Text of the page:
PROBLEMS OF INFORMATION TRANSMISSION
A translation of Problemy Peredachi Informatsii

Volume 51, Number 1, January–March, 2015
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CONTENTS

Error Exponents for Multi-Keyhole MIMO Channels
J. Xue, T. Ratnarajah, and C. Zhong
pp. 1–19

Abstract—Along with the channel capacity, the error exponent is one of the most important information-theoretic measures of reliability, because it sets ultimate bounds on the performance of communication systems employing codes of finite complexity. In this paper, we derive closed-form expressions for the Gallager random coding and expurgated error exponents for multi-keyhole multiple-input multiple-output (MIMO) channels, which provide insights into a fundamental tradeoff between the communication reliability and information rate. We investigate the effect of keyholes on the error exponents and cutoff rate. Moreover, without an extensive Monte-Carlo simulation we can easily compute the codeword length necessary to achieve a predefined error probability at a given rate, which quantifies the effects of the number of antennas, channel coherence time, and the number of keyholes. In addition, we derive exact closed-form expressions for the ergodic capacity and cutoff rate based on the easily computable Meijer $G$-function. Finally, we extend our study to Rayleigh-product MIMO channels and keyhole MIMO channels.

Codes for a Generalized Wire-Tap Channel Model
Yu. V. Kosolapov
pp. 20–24

Abstract—We consider a model of a wire-tap channel generalizing some previously known models. It is assumed that in a channel between two legal parties there can be errors, and an adversary is possible to observe both a part of a code vector and a part of the corresponding information vector.

Fractional Matchings in Hypergraphs
V. M. Blinovsky
pp. 25–30

Abstract—We find an exact formula for the minimum number of edges in a hypergraph which guarantees a fractional matching of cardinality $s$ in the case where $sn$ is an integer.

Phase Transitions in the One-Dimensional Coulomb Medium
V. A. Malyshev
pp. 31–36

Abstract—A Coulomb medium is a system of $N$ charged particles of equal charge on an interval with nearest-neighbor Coulomb interaction and constant external electric field. We show that, asymptotically as $N\to\infty$, stable configurations have four possible phases of the particle density depending on the external field, which is assumed to be a function of $N$. Moreover, we find these phases explicitly.

Generating Operator for Discrete Chrestenson Functions
M. S. Bespalov
pp. 37–48

Abstract—We study the structure and properties of and a construction algorithm for a cyclic operator whose orbit consists of discrete Chrestenson functions arranged as columns of the matrix of a Kronecker power of the discrete Fourier transform. We analyze possibilities for extending the results to the case of discrete Vilenkin functions.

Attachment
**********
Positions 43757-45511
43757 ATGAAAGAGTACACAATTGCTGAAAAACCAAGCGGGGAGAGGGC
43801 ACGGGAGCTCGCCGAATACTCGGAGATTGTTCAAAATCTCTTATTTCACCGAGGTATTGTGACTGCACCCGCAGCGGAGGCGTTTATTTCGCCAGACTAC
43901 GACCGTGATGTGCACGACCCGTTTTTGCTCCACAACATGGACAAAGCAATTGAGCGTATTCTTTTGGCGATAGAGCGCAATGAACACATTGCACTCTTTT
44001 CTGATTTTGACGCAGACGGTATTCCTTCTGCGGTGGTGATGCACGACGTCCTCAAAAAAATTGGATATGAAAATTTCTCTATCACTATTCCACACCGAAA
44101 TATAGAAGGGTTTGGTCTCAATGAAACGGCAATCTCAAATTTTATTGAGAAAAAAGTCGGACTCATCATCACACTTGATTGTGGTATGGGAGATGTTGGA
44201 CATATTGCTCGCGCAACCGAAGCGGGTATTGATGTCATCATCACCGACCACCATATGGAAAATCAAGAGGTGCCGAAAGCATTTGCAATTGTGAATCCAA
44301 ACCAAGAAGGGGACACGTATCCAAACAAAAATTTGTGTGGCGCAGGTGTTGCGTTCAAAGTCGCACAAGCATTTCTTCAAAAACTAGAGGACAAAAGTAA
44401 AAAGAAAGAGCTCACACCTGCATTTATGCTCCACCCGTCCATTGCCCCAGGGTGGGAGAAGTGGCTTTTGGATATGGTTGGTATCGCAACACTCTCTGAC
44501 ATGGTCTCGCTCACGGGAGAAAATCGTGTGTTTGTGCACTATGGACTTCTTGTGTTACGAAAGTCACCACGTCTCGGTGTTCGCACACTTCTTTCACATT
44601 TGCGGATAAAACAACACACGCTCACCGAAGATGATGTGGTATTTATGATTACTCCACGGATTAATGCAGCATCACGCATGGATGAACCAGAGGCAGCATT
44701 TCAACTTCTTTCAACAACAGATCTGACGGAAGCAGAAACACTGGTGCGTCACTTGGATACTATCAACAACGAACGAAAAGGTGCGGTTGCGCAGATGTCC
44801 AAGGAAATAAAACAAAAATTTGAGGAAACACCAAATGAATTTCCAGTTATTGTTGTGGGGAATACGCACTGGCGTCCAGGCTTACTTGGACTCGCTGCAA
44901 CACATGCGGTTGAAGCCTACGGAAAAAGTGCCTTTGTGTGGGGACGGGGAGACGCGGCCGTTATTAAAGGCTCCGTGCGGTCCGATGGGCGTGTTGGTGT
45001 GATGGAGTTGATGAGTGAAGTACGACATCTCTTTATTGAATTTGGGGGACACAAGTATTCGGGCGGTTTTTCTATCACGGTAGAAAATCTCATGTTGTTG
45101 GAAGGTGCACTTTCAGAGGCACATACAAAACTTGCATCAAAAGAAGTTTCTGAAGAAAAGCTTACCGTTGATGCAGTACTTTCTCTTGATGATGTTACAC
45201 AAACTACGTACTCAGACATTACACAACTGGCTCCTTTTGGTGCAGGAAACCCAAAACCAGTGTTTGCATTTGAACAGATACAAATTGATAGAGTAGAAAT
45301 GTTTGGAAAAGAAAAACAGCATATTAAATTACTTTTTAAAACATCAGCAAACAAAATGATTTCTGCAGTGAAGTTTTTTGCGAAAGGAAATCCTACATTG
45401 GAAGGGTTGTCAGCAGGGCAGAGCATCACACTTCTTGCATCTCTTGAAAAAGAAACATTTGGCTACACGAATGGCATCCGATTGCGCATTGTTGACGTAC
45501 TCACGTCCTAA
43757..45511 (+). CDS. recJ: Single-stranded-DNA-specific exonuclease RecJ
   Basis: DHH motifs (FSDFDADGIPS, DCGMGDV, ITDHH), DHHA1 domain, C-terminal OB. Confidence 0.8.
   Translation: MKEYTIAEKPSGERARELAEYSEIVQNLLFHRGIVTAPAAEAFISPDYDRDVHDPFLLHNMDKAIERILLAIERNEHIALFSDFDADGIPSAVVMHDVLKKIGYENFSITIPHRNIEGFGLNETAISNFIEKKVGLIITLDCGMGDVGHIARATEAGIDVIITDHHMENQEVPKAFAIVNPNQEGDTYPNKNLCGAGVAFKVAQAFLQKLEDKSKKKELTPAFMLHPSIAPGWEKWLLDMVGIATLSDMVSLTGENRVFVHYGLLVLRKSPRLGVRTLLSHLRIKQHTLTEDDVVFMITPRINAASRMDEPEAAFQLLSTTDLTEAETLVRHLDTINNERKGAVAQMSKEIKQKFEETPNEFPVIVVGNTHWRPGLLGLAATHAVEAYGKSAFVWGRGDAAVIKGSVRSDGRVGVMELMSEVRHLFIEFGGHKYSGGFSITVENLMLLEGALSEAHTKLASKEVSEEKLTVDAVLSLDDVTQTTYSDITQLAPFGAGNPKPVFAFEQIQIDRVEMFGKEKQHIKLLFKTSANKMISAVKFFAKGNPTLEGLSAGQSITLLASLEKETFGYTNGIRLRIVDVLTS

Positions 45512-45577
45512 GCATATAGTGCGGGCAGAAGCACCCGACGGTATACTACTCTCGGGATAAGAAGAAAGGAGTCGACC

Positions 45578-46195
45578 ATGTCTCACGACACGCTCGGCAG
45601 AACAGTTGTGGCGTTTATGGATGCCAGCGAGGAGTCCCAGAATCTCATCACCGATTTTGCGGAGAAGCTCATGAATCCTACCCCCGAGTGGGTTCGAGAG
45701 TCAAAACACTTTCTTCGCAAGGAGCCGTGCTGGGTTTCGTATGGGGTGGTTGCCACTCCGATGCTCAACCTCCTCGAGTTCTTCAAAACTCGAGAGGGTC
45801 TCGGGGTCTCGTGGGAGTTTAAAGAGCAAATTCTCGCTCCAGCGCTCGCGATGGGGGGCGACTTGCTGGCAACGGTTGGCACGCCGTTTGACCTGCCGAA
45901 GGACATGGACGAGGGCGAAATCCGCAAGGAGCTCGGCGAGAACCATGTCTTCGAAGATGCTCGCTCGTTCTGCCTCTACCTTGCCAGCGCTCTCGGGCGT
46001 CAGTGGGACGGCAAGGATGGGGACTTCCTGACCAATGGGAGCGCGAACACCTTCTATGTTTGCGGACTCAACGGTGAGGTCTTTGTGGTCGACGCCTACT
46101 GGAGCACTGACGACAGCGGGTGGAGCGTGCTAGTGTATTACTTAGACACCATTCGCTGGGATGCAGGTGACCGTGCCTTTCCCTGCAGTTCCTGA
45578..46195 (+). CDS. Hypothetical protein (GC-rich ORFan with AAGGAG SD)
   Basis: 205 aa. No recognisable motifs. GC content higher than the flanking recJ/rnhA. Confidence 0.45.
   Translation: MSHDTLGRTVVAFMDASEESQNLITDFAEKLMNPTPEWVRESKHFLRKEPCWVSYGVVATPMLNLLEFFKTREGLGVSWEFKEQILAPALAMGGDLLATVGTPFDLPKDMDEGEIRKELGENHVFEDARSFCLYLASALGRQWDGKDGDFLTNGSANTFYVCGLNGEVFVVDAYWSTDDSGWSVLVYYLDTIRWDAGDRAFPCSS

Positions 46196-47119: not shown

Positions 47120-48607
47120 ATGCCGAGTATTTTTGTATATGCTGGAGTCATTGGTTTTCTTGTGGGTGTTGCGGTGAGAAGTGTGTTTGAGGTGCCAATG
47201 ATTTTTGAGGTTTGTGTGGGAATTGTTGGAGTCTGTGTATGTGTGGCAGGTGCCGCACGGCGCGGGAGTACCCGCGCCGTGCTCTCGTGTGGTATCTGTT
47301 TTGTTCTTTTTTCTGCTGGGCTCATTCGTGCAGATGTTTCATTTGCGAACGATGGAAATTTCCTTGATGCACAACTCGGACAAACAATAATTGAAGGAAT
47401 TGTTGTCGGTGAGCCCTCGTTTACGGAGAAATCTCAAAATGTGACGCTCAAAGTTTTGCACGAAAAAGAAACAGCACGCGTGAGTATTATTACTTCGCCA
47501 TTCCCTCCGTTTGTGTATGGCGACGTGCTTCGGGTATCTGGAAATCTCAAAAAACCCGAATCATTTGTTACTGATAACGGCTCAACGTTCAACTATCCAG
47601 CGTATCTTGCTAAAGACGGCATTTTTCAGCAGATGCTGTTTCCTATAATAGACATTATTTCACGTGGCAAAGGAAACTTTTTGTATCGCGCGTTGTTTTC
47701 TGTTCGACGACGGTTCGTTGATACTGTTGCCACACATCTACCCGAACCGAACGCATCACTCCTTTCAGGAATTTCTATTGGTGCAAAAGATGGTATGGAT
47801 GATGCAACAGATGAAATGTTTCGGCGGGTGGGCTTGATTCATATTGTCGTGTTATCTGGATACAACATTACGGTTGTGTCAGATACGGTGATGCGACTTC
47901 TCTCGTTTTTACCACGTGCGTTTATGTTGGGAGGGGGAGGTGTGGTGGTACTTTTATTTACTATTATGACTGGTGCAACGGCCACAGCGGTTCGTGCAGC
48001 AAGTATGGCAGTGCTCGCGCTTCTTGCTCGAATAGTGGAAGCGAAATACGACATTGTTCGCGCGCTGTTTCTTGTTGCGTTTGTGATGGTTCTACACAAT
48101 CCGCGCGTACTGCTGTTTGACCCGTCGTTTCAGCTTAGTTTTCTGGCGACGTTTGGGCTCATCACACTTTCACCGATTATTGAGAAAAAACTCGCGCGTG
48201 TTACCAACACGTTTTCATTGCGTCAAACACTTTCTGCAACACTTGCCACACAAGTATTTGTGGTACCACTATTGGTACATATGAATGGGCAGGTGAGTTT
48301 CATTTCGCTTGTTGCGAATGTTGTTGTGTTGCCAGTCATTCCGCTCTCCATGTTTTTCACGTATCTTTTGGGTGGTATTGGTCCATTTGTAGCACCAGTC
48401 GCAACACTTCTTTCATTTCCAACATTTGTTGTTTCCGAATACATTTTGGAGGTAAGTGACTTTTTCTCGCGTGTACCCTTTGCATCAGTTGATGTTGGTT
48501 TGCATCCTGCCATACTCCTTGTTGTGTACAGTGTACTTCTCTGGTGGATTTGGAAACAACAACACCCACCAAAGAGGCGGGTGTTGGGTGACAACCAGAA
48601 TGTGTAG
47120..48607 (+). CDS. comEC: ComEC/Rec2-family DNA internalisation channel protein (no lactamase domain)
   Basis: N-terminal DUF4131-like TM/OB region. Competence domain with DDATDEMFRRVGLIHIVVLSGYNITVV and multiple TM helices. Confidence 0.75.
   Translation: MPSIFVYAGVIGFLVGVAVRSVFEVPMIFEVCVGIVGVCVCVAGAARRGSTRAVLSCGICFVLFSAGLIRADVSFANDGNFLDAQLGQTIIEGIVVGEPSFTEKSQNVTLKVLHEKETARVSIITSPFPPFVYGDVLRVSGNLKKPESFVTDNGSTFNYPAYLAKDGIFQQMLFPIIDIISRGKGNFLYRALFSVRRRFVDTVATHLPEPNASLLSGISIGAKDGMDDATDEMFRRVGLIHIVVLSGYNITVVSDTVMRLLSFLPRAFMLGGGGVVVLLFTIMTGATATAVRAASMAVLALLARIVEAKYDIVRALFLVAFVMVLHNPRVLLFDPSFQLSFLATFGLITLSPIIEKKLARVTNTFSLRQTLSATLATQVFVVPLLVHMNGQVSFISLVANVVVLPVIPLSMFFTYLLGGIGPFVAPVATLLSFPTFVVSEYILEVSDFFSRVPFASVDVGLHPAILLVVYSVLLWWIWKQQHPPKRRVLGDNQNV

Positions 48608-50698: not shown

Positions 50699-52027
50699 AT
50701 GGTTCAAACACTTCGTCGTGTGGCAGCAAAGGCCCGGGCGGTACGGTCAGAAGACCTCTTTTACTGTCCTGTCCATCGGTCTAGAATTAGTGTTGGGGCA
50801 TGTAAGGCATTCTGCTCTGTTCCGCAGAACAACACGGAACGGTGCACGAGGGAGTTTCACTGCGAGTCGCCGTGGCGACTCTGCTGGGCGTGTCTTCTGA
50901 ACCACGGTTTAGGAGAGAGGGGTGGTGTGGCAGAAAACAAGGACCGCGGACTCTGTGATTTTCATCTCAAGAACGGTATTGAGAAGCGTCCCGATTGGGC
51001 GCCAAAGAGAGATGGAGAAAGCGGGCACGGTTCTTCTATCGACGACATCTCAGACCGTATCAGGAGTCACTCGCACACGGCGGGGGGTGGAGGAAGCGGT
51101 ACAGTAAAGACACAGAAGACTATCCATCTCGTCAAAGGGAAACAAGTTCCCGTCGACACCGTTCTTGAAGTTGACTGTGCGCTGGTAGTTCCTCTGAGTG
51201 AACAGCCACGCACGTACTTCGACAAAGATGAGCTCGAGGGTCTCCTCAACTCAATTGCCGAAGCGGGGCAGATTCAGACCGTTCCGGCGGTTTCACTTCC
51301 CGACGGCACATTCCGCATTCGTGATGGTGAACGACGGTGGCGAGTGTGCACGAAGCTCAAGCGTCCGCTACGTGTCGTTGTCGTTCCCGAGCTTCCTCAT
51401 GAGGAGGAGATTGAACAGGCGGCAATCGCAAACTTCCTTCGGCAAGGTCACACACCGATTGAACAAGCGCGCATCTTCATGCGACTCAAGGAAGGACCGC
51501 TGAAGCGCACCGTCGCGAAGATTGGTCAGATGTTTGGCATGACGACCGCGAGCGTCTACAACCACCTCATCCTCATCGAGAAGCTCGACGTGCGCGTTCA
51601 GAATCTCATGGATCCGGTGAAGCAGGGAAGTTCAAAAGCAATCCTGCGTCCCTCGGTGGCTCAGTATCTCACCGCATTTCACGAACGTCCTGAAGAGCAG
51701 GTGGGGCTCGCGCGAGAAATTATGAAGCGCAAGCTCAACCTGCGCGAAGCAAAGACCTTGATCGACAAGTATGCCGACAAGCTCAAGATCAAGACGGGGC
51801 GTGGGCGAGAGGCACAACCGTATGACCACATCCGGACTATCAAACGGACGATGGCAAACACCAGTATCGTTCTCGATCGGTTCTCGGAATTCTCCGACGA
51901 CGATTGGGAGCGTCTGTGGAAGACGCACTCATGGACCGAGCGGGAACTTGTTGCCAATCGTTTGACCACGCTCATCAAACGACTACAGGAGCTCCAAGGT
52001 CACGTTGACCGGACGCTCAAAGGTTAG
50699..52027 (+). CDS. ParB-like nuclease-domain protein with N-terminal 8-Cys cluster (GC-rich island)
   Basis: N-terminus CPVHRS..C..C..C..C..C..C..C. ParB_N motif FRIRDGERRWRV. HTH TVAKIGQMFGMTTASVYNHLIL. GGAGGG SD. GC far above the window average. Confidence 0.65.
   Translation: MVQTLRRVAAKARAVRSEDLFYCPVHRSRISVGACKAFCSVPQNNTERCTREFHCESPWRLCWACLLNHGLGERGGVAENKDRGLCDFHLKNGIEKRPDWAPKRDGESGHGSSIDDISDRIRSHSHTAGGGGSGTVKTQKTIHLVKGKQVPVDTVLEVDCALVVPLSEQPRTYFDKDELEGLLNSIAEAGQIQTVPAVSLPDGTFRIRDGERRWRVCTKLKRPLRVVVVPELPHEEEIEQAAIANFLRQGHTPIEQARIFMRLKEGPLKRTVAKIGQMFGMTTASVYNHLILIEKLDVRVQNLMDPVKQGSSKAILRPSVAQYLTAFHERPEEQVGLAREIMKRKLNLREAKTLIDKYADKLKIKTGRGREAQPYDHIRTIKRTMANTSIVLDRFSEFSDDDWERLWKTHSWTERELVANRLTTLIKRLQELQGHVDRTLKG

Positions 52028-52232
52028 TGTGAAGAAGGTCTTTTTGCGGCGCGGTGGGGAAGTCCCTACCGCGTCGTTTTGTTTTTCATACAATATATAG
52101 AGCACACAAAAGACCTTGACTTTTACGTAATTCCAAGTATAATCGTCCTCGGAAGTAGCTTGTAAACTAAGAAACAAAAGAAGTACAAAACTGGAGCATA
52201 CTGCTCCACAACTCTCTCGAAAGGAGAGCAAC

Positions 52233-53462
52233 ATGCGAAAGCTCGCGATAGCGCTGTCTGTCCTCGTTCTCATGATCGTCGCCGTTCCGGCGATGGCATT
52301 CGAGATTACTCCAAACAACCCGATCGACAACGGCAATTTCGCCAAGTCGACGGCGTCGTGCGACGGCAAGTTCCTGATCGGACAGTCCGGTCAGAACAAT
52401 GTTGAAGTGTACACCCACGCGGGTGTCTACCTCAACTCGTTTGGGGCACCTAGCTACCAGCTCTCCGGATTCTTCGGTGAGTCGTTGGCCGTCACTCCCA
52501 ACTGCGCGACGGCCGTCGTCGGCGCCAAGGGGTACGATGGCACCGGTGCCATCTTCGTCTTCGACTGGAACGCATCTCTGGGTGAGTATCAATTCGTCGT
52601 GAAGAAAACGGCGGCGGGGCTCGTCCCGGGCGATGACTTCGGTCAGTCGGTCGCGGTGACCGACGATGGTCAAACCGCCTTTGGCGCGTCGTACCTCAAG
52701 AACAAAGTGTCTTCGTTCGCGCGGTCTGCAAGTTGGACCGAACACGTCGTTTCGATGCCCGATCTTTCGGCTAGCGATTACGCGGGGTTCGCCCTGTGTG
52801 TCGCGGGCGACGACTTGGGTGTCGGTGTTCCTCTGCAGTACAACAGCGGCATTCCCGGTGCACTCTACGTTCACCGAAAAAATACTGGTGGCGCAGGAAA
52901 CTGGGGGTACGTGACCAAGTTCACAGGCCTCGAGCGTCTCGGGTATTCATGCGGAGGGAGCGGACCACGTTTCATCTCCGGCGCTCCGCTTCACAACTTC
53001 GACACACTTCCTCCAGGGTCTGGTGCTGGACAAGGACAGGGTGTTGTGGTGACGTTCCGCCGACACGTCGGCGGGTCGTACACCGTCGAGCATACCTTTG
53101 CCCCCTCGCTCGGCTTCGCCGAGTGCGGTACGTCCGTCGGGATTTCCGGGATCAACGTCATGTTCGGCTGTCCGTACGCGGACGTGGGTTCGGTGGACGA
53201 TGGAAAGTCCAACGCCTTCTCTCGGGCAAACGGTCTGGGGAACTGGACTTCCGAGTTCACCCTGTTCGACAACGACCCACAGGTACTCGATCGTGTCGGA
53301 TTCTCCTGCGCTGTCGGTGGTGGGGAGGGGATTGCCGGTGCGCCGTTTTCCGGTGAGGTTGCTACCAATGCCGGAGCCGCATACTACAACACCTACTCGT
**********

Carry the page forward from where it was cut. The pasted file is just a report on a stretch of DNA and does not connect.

Distributed Communication Complexity of Spanning Tree Construction
M. N. Vyalyi and I. M. Khuziev
pp. 49–65

Abstract—We consider the problem of constructing a spanning tree in a synchronized network with an unknown topology. We give lower and upper bounds on the complexity of protocols for spanning tree constriction in various settings: for deterministic and probabilistic protocols, networks with distinguishable nodes, and anonymous networks. We present suboptimal protocols for which the multiplicative gap from the lower bound can be an arbitrarily slowly growing function of the number of vertices in the network.

Activity Maxima in Some Models of Information Networks with Random Weights and Heavy Tails
A. V. Lebedev
pp. 66–74

Abstract—We consider models of information networks described by random graphs and hypergraphs where each node has a random information activity with distribution having a heavy (regularly varying) tail. We derive sufficient conditions under which the maximum of the aggregate activities (over a node and its neighbors or over communities) asymptotically grows in the same way as the maximum of individual activities and the Fréchet limit law holds for them.

A New Method for Ensuring Anonymity and Security in Network Coding
O. V. Trushina and E. M. Gabidulin
pp. 75–81

Abstract—We propose a method for providing anonymity and security of data transmission in networks with network coding with multiple sources and receivers. An external passive adversary is assumed to be present in the network. It is required to organize message transmission in such a manner that the adversary cannot trace a message route. The proposed method is a modification of a secure transmission scheme based on coset coding. We show that using an additional operation at relaying nodes enables to remove statistical dependence between incoming and outgoing messages of the relaying nodes. This makes tracing message routes impossible. An overlay network between a source and a receiver must be constructed due to restrictions on routes between the source and receiver: the minimum cut between two successive nodes must be not less than the number of packets in the encoded source message.

The Vernam Cipher Is Robust to Small Deviations from Randomness
B. Ya. Ryabko
pp. 82–86

Abstract—The Vernam cipher, or one-time pad, plays an important role in cryptography because it is perfectly secure. In this cipher a key is a sequence of equiprobable independently generated symbols. We show that under small disturbance of these properties the obtained cipher is close to the Vernam cipher in the case where the enciphered plaintext and the key are generated by stationary ergodic sources.